Is Hawaii's Kilauea volcano shooting green gems into the air?

Is Hawaii's Kilauea volcano shooting green gems into the air?Embedded in the lava still spewing some 130 feet into the air from Hawaii's Kilauea volcano are green crystals.  Called olivine, these minerals can turn Hawaiian beaches green, and it appears some of the green gems are raining down upon homes near the eruption or popping up near lava flows. SEE ALSO: Lava transforms a Hawaiian bay into a blackened peninsula U.S. Geological Survey (USGS) scientist Wendy Stovall, who was out studying Kilauea last week, confirmed that recent lava samples do contain olivine, though she didn't happen upon any separated green crystals herself.  Other folks in the area, however, appear to be collecting the tiny green gems as they see them: Friends of mine live in Hawaii, right next to the area impacted by the most recent lava flows. In the midst of the destruction nearby & stress of the unknown, they woke up to this – tiny pieces of olivine all over the ground. It is literally raining gems. Nature is truly amazing. pic.twitter.com/inJWxOp66t — Erin Jordan (@ErinJordan_WX) June 11, 2018 Some olivines that popped out of an a'a flow. Kilauea's little gems. #hawaii #kilauea #olivine #lovevolcanoes https://t.co/1X2ACcWu7n pic.twitter.com/8UaA1IrKEd — GEOetc (@GEOetc2) June 10, 2018 It's certainly not unusual to find olivine crystals in Hawaiian lava rock, both new and ancient.  "It's pretty common," Stovall said in an interview. "There’s often olivine in rocks all over Hawaii." And this olivine can become completely separated from lava rocks in a variety of ways. Sometimes the crystals can be simply weathered out from old lava rocks. Or, in the case of green-tinged Hawaiian beaches, lava can erupt through ocean water in steamy, explosive events, breaking the lava into smaller pieces and fast-tracking the separation process, said Stovall.  Small green olivine crystals on a Big Island beach.Image: Stanley MertzmanBut in the case of this olivine presumably falling down on property near the eruption, the crystals "just kind of fall out" as lava is spewed into the air, said Stovall. "The olivine crystals folks are finding on the ground scattered about are from violently ejected basalt [a type of lava] blobs wherein the embedded, earlier-formed olivine crystals are freed from their surrounding pahoehoe [syrupy lava] basalt liquid," Stanley Mertzman, a volcanologist at Franklin and Marshall College, said over email. Both violent ejections on land and from lava flowing into the ocean can "produce freed individual olivine crystals that people can pick up any time," said Mertzman. Olivine crystals embedded in a Hawaiian lava rock.Image: Stanley MertzmanThe crystals may be flying through the air from exploded bits of lava, but it's unlikely they're also coming from the volcano's summit, where there's been a large plume of steam and ash erupting from the crater — and at times rare, explosive eruptions.  "One thing I can say is that olivine is not raining out of the plume," Michael Poland, a USGS volcanologist, said over email. Poland added that olivine is common on the ground regardless, because roads in Hawaii are made up of ground up olivine-rich lava rock. A June 6 plume from Kilauea's crater, Halema‘uma‘u.Image: usgsThe little crystals, however, are not being created during the eruption. They've been formed deep underground long ago, brewing in the molten rock.  "It really is one of the first things to form," said Stovall.  And olivine might not be the only crystal falling down inside the nearby neighborhood. "It's possible that other crystals are being found," said Stovall, adding that a USGS rock specialist said olivine is difficult to tell apart from another common crystal, called clinopyroxene. It's also quite possible nearby islanders will continue to find semi-translucent crystals on the ground. The eruption, over a month old now, shows no signs of relenting, and could very well last months — or longer. WATCH: These trees have lived for 2,500 years. Now they're suddenly dying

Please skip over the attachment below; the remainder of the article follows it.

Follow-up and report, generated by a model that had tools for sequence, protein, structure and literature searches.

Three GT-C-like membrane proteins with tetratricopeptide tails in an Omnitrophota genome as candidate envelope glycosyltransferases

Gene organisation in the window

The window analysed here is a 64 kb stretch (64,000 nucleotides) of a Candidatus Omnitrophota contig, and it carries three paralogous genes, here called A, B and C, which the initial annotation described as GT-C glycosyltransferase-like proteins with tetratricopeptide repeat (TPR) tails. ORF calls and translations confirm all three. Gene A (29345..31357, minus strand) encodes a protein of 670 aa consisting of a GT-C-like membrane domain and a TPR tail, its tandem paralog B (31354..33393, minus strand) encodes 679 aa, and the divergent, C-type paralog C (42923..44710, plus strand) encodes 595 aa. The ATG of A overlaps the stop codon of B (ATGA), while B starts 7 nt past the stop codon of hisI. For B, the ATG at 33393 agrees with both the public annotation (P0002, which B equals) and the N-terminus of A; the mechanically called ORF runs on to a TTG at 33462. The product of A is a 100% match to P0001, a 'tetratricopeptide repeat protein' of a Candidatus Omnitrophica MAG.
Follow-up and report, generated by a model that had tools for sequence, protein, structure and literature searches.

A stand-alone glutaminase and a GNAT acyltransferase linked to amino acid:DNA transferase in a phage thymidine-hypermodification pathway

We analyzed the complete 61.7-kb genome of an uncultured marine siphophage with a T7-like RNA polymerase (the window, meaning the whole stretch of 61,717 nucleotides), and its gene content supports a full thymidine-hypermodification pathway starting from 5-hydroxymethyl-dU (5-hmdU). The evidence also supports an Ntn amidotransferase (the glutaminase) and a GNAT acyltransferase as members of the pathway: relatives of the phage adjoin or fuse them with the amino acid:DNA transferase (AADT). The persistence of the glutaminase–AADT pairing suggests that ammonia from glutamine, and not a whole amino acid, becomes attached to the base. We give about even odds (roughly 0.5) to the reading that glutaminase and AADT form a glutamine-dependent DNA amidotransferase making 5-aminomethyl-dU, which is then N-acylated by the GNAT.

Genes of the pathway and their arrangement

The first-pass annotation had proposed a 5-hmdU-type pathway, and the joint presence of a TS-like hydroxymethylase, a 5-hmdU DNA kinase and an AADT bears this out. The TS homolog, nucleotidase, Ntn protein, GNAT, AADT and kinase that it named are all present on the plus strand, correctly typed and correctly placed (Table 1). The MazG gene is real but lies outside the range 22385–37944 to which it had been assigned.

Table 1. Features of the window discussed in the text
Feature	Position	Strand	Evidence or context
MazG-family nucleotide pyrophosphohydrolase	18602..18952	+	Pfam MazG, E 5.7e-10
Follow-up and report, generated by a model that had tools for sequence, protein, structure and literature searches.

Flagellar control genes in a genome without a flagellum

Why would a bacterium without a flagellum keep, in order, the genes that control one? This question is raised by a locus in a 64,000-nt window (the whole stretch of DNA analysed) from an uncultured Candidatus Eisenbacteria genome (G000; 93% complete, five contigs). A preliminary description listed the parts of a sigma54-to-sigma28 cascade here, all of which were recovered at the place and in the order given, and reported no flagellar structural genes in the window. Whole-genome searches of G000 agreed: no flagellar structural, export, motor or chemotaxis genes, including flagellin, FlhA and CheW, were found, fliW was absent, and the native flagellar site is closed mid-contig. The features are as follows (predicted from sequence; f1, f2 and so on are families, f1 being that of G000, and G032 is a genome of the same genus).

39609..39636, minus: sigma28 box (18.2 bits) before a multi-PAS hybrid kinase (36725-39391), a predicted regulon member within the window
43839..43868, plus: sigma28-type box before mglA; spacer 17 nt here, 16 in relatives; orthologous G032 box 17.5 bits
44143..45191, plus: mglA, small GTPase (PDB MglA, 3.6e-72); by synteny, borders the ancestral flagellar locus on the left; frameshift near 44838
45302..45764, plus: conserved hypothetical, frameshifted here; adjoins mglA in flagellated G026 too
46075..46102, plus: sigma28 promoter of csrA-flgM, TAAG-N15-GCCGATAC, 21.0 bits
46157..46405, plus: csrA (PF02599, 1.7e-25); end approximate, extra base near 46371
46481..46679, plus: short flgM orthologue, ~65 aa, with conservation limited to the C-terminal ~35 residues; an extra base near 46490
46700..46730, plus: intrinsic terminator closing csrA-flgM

In surprise summit concession, Trump says he will halt Korea war games

In surprise summit concession, Trump says he will halt Korea war gamesBy Steve Holland, Soyoung Kim and Jack Kim SINGAPORE (Reuters) – U.S. President Donald Trump made a stunning concession to North Korean leader Kim Jong Un on Tuesday about halting military exercises, pulling a surprise at a summit that baffled allies, military officials and lawmakers from his own Republican Party. At a news conference after the historic meeting with Kim in Singapore, Trump announced he would halt what he called “very provocative” and expensive regular military exercises that the United States holds with South Korea.